Violence against women and girls is one of the most prevalent human rights violations in the world
AS the world prepares to mark International Day for the elimination of violence against women on Saturday (November 25), UN Secretary‑General António Guterres' has called for collective action to end the vice.
In his message for the day issued yesterday (November 21), he stressed that every woman and every girl has the right to a life free of violence.
Around the world, more than one in three women have experienced physical and/or sexual violence in their lives; 750 million women were married before age 18, and more than 250 million have undergone female genital mutilation, he said
A global campaign, the 16 days of activism against gender-based violence runs until December 10.
In June this year in Uganda, a new campaign geared towards ending all forms of violence against women and girls was launched.
The two-year campaign targeting girls and women aged 15-30 is to be implemented by Communication for Development Foundation Uganda (CDFU) in partnership with UN Women in seven districts of Kampala, Kamuli, Kitgum, Kaboong, Gulu, Padel and Moroto.
Guterres' noted that violence against women and girls is one of the most prevalent human rights violations in the world. Globally, it is estimated that one in three women will experience physical or sexual abuse in her lifetime.
"Every woman and every girl has the right to a life free of violence. Yet this rupture of human rights occurs in a variety of ways in every community, particularly affecting those who are most marginalized and vulnerable."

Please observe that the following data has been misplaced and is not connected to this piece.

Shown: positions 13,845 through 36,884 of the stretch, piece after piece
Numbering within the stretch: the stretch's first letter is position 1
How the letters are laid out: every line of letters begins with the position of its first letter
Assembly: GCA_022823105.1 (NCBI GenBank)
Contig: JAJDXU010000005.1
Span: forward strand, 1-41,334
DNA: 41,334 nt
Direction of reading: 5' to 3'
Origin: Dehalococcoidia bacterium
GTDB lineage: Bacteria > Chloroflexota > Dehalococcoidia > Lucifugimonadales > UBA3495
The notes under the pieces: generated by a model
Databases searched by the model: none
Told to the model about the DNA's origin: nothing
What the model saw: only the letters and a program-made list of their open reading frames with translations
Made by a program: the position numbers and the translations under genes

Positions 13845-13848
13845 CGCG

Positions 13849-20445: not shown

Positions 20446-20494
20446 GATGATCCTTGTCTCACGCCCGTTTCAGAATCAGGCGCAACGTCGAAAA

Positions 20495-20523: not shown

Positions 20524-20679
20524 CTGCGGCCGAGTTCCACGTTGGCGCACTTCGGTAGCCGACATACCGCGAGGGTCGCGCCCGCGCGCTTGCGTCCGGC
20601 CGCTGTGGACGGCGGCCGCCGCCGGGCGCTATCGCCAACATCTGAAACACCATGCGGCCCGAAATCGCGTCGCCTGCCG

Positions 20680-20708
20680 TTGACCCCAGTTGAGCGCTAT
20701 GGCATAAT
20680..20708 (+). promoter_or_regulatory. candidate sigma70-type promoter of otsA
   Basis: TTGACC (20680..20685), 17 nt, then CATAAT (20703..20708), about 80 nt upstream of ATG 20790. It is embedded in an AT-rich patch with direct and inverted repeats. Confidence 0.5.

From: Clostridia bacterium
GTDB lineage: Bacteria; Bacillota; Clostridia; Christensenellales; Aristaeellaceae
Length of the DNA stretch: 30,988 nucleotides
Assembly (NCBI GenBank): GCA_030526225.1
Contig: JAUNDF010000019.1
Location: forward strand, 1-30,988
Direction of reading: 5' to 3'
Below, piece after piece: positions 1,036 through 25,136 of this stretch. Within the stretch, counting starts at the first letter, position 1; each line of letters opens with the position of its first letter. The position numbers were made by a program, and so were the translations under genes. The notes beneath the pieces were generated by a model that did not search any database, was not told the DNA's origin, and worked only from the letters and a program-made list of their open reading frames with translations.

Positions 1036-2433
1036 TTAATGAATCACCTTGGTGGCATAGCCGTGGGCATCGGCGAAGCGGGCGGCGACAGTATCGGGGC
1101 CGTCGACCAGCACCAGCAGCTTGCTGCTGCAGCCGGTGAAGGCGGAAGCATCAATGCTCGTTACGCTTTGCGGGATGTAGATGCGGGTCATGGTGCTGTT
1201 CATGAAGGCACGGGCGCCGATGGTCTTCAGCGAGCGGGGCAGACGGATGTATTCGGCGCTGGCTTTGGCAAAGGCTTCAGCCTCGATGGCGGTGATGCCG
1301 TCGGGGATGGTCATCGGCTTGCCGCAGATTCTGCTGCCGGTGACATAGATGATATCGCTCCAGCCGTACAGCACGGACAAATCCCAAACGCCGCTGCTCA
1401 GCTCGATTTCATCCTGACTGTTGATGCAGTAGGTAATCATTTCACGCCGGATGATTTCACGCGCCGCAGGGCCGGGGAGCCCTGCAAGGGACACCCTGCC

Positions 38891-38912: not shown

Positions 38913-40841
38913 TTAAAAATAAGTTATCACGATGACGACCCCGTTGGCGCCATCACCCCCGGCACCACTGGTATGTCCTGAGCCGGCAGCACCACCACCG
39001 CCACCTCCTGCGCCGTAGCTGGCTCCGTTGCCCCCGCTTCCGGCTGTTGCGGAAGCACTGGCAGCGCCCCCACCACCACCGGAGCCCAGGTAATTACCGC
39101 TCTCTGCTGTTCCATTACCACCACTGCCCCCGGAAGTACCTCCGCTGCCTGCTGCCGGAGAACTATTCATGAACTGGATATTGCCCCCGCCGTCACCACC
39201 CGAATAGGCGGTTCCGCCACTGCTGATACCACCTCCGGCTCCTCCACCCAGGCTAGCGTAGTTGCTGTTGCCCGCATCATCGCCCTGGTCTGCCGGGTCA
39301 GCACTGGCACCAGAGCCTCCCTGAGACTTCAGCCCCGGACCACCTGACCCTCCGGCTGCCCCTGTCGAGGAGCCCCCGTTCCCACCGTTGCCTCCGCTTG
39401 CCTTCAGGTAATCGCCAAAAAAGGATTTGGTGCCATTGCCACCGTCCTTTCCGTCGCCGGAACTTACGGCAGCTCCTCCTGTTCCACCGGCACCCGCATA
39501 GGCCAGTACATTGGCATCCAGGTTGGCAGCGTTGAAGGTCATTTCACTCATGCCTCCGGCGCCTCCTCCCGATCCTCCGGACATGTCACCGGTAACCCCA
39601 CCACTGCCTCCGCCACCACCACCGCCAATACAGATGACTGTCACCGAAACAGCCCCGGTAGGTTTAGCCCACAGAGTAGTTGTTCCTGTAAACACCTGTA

He expressed concern that women's rights activists are being targeted at alarming levels, and violence against women politicians impedes progress on women's civil, political, social, economic and cultural rights.
"It is now widely recognized that violence against women, including harassment and harmful practices, are major barriers to the fulfilment of human rights, and a direct challenge to women's inclusion and participation in sustaining peace. Without tackling it, we will never fulfil the 2030 Agenda for Sustainable Development," the UN boss said.
H said that it is time to further our collective action to end violence against women and girls for good. "That takes all of us working together in our own countries, regions and communities, at the same time, towards the same goal."
The United Nations is addressing violence against women in many ways, including the United Nations trust fund to end violence against women; the spotlight initiative with the European Union to connect our efforts with those of national governments and civil society; and the United Nations safe cities and safe public spaces global initiative.
In addition, he said that his zero‑tolerance policy towards sexual harassment in the United Nations is part of the strategy on gender parity that was launched in September.